Arm vs Intel Benchmarks

ChipFrequencyGeek Bench 2 32(/64)Geek Bench 3 Single-CoreGeek Bench 3 Multi-CorePassmark
Apple A51782263503
NVIDIA Tegra 31.314793411089
MediaTek MT65891.516063971258
Intel Atom D5251.813784191039728
Intel Atom Z2760 (Clover Trail)1.813554271092679
MediaTek MT65921.6644402355
Intel Atom Z2580 (Clover Trail +)214735421205
Qualcomm S4 Pro1.526506221943
MediaTek MT81351.7/1.22895
Qualcomm Snapdragon 6001.932636741831
Apple A61.215817141296
Apple A6X1.317767701420
Exynos 5 Octa 54101.635967761997
Intel Atom Z3740 (Bay Trail)1.37972630
Exynos 52501.724338701567
Intel Celeron 8471.125008751330982
NVIDIA Tegra 41.838729062603
Qualcomm Snapdragon 8002.1537339162771
Intel N2830 (Bay Trail Celeron)2.169281605
NVIDIA Tegra 41.944939502900
Intel Atom Z3770 (Bay Trail)1.46
2.39 burst
Exynos 54201.99802723
Qualcomm Snapdragon 8052.710492878
Apple A7 32-bit app1.310781938
Intel Pentium 2117U1.83390123819191820
Intel Celeron 1007U1.512792220
Intel Celeron 2955U1.413502387
Apple A7 64-bit app1.314142564
Intel Pentium 2127U1.916342914
Intel Core i3-3217U1.83590 / 4617146130952288
Intel Core i5-3317U1.74693 / 6497219942723093
Intel Haswell i5-4250U1.324464600
Intel Haswell i7-4770K3.5~12000 / ~1800044051677410016

I have ordered the table above by Geekbench 3 single-core results. Where information is missing, I make a best guess attempt to place it. It should be noted the Geekbench 2 results above are known to disadvantage Intel chips (maybe 5%). The Passmark benchmark is for x86 chips only.

Geekbench result for MediaTek MT8135 is from MediaTek.
Geekbench 3 results for Apple A7 are from:
The Apple A7 32-bit app result is running on a 64-bit version of iOS.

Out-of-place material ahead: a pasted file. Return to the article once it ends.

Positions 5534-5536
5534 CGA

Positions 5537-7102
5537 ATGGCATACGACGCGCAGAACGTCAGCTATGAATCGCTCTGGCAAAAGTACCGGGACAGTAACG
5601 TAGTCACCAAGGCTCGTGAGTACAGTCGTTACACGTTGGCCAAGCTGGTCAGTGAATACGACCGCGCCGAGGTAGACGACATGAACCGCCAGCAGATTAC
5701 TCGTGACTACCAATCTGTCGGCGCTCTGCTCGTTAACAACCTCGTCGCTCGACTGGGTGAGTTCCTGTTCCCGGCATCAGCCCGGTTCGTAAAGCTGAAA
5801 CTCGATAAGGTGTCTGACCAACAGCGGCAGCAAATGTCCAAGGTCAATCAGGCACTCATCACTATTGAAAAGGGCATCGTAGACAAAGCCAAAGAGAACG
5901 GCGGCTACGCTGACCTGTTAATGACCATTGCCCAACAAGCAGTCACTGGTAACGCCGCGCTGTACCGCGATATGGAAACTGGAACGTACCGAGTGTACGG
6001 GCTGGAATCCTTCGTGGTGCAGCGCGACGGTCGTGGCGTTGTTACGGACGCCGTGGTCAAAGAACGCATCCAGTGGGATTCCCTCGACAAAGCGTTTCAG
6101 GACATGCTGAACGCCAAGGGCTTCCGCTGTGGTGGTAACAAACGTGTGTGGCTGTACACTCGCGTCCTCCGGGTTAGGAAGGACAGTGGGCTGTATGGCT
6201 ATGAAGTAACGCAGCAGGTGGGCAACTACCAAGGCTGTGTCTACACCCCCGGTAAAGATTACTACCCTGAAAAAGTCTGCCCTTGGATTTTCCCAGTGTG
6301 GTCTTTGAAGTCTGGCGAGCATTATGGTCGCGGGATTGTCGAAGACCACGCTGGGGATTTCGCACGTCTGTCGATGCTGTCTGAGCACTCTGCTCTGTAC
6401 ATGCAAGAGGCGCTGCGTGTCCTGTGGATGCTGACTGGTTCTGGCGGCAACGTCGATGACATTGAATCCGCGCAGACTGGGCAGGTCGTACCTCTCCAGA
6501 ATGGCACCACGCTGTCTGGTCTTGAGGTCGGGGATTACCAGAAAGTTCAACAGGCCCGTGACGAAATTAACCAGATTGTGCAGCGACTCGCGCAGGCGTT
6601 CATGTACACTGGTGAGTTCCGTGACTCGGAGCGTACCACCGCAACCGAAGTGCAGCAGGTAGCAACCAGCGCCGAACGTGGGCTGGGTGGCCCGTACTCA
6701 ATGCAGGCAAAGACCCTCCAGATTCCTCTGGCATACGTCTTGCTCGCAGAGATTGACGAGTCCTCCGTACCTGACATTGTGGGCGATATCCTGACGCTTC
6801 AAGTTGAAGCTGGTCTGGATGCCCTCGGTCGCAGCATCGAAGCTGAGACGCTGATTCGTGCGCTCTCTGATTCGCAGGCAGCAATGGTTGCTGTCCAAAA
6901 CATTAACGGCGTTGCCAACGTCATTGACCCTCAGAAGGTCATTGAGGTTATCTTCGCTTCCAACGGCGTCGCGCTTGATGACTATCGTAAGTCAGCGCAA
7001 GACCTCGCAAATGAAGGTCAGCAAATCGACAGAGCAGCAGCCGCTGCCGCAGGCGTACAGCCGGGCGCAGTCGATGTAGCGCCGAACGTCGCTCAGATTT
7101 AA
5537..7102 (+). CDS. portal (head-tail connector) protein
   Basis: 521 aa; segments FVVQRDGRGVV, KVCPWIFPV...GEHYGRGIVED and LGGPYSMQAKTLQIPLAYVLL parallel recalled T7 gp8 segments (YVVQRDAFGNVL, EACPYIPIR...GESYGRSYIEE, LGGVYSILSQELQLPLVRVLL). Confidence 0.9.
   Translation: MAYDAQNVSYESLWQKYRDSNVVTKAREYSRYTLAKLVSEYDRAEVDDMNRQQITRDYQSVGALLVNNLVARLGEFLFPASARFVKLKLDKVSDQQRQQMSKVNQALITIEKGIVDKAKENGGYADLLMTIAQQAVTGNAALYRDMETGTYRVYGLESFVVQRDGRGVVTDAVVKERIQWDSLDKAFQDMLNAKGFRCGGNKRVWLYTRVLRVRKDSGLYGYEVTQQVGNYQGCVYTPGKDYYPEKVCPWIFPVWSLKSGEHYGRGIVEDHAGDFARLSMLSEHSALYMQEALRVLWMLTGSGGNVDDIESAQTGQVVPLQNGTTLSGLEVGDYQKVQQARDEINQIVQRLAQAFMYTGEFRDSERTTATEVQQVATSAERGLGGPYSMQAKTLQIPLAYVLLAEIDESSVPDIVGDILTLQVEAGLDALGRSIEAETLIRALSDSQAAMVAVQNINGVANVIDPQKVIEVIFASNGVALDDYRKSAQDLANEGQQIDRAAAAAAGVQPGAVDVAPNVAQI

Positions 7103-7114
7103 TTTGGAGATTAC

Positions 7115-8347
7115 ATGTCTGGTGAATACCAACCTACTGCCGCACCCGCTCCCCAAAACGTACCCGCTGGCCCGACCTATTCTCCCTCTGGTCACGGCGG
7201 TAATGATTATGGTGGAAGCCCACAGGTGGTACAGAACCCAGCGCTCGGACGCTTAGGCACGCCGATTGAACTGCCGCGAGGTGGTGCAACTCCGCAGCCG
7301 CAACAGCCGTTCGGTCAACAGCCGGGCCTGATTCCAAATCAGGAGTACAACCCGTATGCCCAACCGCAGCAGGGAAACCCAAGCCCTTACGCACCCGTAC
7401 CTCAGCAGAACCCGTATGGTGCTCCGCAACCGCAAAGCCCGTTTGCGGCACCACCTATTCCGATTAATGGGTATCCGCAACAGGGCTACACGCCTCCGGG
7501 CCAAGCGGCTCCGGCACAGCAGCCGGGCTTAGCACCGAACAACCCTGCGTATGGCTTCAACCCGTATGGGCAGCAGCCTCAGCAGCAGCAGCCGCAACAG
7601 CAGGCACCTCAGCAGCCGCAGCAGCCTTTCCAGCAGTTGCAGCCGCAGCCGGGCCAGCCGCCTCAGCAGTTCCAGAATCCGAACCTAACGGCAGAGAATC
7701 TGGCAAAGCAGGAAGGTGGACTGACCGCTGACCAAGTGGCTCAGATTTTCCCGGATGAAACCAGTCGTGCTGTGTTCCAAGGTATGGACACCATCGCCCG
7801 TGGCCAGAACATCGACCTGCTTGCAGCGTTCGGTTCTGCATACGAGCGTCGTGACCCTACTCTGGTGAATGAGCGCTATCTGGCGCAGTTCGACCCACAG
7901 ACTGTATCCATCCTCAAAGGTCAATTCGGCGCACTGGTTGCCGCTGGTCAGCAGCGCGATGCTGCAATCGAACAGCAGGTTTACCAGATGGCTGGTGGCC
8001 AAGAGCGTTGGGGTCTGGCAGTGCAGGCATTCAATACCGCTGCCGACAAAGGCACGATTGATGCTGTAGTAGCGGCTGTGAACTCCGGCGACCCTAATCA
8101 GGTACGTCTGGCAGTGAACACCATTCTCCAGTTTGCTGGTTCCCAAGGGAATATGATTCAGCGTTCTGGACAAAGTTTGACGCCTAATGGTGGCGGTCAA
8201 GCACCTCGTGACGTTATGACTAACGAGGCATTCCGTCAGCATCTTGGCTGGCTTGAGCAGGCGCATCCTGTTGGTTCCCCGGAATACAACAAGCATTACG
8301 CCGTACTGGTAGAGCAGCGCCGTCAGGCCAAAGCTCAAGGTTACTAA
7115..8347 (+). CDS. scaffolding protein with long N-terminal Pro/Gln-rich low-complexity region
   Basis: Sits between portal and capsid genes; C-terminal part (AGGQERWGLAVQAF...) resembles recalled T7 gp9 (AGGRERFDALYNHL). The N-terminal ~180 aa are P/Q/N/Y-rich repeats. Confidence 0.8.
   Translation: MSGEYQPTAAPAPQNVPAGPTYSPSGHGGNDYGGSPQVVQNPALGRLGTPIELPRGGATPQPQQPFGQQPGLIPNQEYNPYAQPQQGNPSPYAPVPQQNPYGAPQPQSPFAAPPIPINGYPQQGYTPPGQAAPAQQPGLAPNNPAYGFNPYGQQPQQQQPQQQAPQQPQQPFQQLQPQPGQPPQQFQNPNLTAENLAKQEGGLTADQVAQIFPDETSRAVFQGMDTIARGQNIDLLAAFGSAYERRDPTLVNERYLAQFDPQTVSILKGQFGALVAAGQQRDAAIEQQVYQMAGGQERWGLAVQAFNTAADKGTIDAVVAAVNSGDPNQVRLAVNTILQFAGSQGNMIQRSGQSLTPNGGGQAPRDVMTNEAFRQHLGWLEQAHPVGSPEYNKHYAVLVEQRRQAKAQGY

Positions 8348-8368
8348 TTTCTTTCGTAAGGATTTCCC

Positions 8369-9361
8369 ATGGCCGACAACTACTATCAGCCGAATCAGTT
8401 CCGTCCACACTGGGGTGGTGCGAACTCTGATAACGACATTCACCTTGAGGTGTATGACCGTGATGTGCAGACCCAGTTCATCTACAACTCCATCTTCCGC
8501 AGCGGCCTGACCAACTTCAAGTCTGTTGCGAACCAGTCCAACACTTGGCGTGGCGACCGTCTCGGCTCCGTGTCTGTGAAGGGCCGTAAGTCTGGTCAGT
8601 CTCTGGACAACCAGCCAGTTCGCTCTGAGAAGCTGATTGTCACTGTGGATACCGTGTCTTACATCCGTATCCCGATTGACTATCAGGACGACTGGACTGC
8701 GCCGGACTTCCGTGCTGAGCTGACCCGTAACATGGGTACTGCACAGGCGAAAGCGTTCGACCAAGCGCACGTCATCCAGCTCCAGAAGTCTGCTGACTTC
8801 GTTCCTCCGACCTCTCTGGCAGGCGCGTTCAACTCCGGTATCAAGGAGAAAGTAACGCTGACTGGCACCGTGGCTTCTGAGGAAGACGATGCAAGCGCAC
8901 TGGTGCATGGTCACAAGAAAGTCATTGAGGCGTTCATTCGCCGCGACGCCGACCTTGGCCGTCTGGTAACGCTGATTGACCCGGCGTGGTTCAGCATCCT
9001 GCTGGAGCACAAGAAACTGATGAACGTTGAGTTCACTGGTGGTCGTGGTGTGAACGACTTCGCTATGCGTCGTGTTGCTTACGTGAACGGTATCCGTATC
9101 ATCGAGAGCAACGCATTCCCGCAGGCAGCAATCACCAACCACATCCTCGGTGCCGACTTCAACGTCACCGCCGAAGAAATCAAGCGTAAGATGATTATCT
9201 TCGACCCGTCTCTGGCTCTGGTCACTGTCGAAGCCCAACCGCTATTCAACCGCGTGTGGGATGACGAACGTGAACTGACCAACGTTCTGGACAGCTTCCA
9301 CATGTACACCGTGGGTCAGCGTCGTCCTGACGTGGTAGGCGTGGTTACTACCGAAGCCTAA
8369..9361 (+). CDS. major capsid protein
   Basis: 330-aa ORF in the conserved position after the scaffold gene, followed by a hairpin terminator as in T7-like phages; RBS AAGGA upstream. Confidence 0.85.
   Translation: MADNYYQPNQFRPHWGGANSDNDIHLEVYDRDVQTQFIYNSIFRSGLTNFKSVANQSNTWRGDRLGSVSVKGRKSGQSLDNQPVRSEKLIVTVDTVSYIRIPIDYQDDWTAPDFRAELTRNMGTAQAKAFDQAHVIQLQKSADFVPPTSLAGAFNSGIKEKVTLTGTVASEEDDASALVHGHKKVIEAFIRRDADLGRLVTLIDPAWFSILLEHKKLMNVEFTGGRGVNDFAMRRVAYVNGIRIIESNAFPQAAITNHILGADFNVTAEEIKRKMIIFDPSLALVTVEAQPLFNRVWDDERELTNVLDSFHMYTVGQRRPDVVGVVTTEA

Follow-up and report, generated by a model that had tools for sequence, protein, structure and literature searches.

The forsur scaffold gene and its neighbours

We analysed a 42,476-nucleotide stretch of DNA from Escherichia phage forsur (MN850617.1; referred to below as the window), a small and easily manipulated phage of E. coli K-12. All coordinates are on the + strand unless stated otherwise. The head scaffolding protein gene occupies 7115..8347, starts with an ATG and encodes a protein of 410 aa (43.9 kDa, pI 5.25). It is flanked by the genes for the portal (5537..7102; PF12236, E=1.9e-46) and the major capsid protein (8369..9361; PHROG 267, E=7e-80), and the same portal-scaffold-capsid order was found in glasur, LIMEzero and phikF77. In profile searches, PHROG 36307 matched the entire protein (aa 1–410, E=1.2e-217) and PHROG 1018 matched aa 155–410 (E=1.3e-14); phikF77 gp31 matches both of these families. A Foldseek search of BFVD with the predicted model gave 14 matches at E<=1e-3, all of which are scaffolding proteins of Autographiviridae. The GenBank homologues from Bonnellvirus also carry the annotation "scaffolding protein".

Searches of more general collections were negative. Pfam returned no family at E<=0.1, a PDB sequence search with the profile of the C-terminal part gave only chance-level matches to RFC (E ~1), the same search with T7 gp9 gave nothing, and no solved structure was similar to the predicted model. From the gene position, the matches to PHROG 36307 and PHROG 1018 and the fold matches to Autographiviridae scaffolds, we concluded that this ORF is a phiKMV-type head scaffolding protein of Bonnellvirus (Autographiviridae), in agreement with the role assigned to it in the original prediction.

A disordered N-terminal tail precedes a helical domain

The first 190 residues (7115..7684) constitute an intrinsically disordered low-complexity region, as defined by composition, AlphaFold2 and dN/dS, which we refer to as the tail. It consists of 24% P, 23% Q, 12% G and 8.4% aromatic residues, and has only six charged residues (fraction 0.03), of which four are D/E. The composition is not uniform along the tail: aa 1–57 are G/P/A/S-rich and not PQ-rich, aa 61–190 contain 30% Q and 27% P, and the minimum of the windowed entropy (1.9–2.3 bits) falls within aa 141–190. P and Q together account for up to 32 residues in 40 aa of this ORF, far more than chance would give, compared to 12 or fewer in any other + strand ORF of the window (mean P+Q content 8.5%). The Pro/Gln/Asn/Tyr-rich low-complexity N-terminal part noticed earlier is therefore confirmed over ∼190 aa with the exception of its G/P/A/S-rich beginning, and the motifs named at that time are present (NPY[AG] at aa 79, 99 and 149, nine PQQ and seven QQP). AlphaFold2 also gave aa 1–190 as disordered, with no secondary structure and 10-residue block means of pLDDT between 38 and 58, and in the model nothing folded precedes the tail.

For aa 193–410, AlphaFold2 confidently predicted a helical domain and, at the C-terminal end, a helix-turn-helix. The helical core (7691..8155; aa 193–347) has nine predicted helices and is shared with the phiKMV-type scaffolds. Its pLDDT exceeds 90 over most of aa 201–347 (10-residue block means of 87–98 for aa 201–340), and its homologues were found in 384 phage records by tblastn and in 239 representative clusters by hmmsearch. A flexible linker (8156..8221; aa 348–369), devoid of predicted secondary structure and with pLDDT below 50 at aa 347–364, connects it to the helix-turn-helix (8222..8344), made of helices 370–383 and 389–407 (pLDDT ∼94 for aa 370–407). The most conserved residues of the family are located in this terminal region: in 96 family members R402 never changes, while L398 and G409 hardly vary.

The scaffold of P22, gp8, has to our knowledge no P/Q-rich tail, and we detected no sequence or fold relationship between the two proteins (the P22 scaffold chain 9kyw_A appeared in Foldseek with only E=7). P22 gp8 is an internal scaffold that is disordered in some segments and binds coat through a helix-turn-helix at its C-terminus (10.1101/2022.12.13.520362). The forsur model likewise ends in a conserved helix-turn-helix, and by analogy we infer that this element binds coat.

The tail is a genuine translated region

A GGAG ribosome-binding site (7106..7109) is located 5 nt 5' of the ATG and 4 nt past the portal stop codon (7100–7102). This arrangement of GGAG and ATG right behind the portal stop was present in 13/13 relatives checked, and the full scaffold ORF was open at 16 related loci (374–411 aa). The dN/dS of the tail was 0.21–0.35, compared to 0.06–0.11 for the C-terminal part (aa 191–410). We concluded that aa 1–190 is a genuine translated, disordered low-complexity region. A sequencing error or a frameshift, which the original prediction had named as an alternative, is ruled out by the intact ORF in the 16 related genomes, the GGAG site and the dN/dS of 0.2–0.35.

Geekbench 3 results for Qualcomm Snapdragon 805 are from:

Geekbench 3 results for Clover Trail and Bay Trail are from:
Geekbench results are from:
Passmark results are from:

Especially when dealing with different architectures, take benchmarks with a grain of salt.

I include the Atom D525 here as it was commonly used in netbooks.

I include the Celeron 847 as it is the chip I consider minimal for running Windows, but decent for running Linux.

I include the Intel Pentium 2117U, Pentium 2127U, Celeron 1007U and the Intel Core i3-3217U as they are popular chips in laptops that actually sell. I consider a laptop in this range to be good enough for 80% or more of users.

The Tegra 3 is used in the Microsoft Surface RT and the ASUS Nexus 7 (2012).

The MediaTek MT6589 is used in many mid-level smartphones around the world.

The MediaTek MT8135 will be used in an upcoming entry-level Amazon Kindle Fire.

The Snapdragon S4 Pro is used in the ASUS Nexus 7 (2013).

The Exynos 5250 is used in the Samsung Chromebook and the Nexus 10 tablet.

The Apple A5, A6, A6X and A7 are in the iPad 2, iPhone 5, iPad 4th gen and iPhone 5S, respectively.

The Intel N2830 is used in the Acer C200 Chromebook that gets 12 hours of battery life.

The Intel 2955U is used in the HP 14 and Acer C720 Chromebooks.

The i5-3317U is used in the Microsoft Surface Pro.

The Haswell i5-4250U is used in the 2013 MacBook Air.

The Intel Haswell i7-4770K is the current flagship high-end desktop chip.


  1. you really shouldnt use geekbench2 because of confirmed bugs in x86 code leading to lower score (were fixed in geekbench3)

  2. I will be adding geekbench 3 scores soon... not enough available at the moment.

    As to "confirmed bugs in x86 code..."... I have never heard of such a problem. Could you elaborate? Searching on the web, I can find no mention of such a problem. In practice, I feel confident that the geekbench 2 numbers give a reasonable rough estimate of where processors stand relative to one another.


      this itself comes from the thread of antutu bugs (only there x86 score was inflated). take note of them as well if u didnt already somewhere (but i see u have hardly any antutu results anyway)

    2. I've been going through a few Geekbench 3 results, and it does look like Intel chips have been disadvantaged. I had indeed known about the Antutu problems, and thus there are no Intel results currently in the chart.

      This seems to be good news for Bay Trail... assuming power characteristics are as good as expected, Intel might actually have a decent tablet chip.
      Judging from the parts of Geekbench 2 that are not being questioned, a 1.46 Bay Trail lags slightly the Octa 5410 (1.6ghz). The 1.8 Bay Trail could possibly beat the Tegra 4. Again, this all assume that power consumption is good.